- Focus Not Obscured (2.4.11, Level AA): Addressed when a user interface component receives keyboard focus, ensuring that component is not hidden due to author-created content. In effect, parts of the page should not overlap or hide focus of other actionable components. Consider a site with content that is created and put on top of other content; focus is not invisible when navigating that content underneath it. This helps keyboard users navigating through the page without the use of a mouse. Another example would be sites using a sticky header that moves with the viewing window as you scroll up and down the web page but stays docked at the top of the page. If the header is overlapping page content, focus should still be visible to the content underneath the header. To properly test, one must make sure that the viewing window moves accordingly in a way that doesn’t obscure focus indication when the user is using the keyboard.
- Dragging Movements (2.5.7, Level AA): If the user interface allows for dragging (with a mouse or by tapping a touch screen) you should be able to operate with a mouse click as well. Any functionality that uses a dragging movement for operation can be achieved by a single pointer without dragging, unless dragging is essential. In practice, a map that allows dragging to pan over an area also has directional arrows/buttons that move the map (up/down/left/right).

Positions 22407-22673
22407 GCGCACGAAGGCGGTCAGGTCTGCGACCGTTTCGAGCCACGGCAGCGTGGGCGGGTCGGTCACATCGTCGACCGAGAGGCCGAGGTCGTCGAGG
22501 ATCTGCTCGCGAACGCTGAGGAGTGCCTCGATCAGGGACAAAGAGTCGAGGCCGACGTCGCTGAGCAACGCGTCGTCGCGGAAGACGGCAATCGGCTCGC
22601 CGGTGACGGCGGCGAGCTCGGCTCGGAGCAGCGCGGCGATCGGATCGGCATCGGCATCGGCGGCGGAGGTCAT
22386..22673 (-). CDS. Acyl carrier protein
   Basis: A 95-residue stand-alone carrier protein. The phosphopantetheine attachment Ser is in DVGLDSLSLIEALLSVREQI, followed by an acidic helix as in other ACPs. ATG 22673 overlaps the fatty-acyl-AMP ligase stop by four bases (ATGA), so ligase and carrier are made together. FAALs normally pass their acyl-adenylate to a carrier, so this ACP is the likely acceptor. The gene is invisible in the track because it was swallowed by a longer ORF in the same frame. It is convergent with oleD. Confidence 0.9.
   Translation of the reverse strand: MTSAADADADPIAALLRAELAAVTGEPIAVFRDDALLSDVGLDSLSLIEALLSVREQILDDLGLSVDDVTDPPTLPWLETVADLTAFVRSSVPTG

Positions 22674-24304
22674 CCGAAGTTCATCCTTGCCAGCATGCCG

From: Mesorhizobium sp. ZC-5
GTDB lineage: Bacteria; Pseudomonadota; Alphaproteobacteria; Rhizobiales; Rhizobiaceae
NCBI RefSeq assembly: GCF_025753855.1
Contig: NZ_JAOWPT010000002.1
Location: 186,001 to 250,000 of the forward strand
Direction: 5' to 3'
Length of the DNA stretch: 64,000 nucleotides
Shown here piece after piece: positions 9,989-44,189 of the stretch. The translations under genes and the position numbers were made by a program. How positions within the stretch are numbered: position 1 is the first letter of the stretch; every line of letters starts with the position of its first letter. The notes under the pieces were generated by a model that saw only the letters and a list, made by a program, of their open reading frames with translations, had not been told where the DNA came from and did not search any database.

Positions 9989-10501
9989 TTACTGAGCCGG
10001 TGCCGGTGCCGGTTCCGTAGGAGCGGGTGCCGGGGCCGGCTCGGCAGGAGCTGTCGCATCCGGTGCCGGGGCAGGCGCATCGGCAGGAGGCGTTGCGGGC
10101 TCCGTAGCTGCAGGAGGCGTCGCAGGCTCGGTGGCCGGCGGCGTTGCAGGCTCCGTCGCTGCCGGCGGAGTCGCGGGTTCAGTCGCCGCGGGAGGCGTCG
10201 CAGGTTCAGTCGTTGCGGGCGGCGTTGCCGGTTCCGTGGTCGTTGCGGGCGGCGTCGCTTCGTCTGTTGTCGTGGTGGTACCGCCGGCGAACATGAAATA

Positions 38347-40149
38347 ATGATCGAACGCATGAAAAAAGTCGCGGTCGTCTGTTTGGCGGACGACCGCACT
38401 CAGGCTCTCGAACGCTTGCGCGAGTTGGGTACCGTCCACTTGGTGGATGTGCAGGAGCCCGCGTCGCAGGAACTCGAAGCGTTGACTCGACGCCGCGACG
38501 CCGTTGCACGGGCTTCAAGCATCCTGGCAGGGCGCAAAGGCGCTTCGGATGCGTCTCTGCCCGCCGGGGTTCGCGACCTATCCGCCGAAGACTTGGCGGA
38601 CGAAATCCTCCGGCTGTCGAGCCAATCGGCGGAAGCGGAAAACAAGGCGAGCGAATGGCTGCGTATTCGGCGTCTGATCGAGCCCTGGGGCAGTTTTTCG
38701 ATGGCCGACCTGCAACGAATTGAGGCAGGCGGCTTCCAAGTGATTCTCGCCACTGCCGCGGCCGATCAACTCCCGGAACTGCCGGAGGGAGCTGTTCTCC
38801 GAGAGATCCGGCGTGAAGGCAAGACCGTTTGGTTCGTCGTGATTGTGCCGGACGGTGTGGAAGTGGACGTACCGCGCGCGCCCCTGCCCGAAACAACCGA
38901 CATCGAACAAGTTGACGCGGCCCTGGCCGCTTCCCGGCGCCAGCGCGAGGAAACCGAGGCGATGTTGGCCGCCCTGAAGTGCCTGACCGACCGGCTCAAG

Looking Ahead: What Designers and Content Creators Should Anticipate
While WCAG 2.2 maintains backward compatibility with its predecessors, it’s essential for designers and content marketers to stay updated. An updated Voluntary Product Accessibility Template (VPAT) for WCAG 2.2, VPAT Version 2.5, was released by The Information Technology Industry Council (ITI), creators of the VPAT.
Updated template resources incorporating WCAG 2.2 into the EU, WCAG, and INT editions of the VPAT now reflect the WCAG 2.2 updates.
In conclusion, the release of WCAG 2.2 underscores the industry’s commitment to inclusivity. Designers and content creators play a pivotal role in translating these guidelines into user-friendly, accessible digital experiences. By staying informed, addressing challenges proactively, and embracing the spirit of inclusivity, we can collectively create a web that truly serves everyone.
Acknowledgments: This article was adapted from a presentation and insights by Soheil Varamini, Senior Accessibility Audit Specialist at Microassist.